The Southern Islands are also full of small islands, not much more than rocks jutting out of the water, that hold unknown treasures, such as ancient lost cities. Or places like the Grim Islands, so named because there’s nary any vegetation or life on them, but they do provide a good hiding place for pirates and other rabble rousers.

Given that there are thousands of islands in the south, it’s not possible to chart all of them. That’s created a fertile territory for explorers, seeking to make their name and their fortune. One of the most famous is Stanley Glass, who has won renown for several discoveries in the Southern Islands. His finds are so spectacular that they let most people overlook the horrible toll his expeditions typically take on his crew. Long-term employment isn’t in the cards when you sail with Glass – so why is Aton so willing to sign on?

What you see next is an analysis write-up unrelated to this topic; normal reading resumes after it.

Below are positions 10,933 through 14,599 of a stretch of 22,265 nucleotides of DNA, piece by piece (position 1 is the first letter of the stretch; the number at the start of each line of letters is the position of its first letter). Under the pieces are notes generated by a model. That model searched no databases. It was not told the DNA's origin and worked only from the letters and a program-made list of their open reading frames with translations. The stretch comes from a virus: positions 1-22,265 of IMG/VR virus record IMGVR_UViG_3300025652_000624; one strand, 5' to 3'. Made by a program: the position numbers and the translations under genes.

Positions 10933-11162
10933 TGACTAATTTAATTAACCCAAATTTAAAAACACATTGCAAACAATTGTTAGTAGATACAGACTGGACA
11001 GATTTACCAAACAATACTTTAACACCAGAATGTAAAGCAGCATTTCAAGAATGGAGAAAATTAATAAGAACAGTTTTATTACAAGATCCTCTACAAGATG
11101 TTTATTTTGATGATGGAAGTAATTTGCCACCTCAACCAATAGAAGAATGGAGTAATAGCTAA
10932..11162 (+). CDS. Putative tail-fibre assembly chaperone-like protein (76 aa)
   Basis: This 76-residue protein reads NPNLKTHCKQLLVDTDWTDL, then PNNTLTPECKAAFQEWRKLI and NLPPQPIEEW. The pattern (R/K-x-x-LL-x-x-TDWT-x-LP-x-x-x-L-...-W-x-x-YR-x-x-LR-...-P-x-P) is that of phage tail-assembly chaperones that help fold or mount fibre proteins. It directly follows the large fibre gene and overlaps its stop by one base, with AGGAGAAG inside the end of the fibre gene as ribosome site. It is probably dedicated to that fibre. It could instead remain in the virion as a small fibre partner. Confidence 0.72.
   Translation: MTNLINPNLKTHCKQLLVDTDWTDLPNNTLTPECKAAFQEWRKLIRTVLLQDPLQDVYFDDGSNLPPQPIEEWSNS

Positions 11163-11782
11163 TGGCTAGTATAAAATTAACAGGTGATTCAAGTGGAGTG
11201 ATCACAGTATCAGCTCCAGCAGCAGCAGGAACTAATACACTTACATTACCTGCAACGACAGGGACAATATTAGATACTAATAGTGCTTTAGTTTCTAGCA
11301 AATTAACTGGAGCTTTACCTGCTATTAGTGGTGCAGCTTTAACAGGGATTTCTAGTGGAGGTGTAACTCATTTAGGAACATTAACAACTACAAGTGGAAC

Widows of the Empire
Out November 10
Wherever fine ebooks are sold

Widows of the Empire: The Unaru & the Knuria

In the run-up to the release of Widows of the Empire, I wanted to highlight a few things about the world of the Unari Trilogy (for more background on the trilogy, the setting, and the characters, see this post I did before Gods of the Empire came out). Today, we look at the two largest and most important parts of the Unari Empire – the Unaru itself and the Knuria.

Being an empire, of course, the Unari Empire is composed of several disparate regions, all brought under Imperial rule. That said, there are two main ones that occupy a lot of the history of the Empire and the books in the trilogy.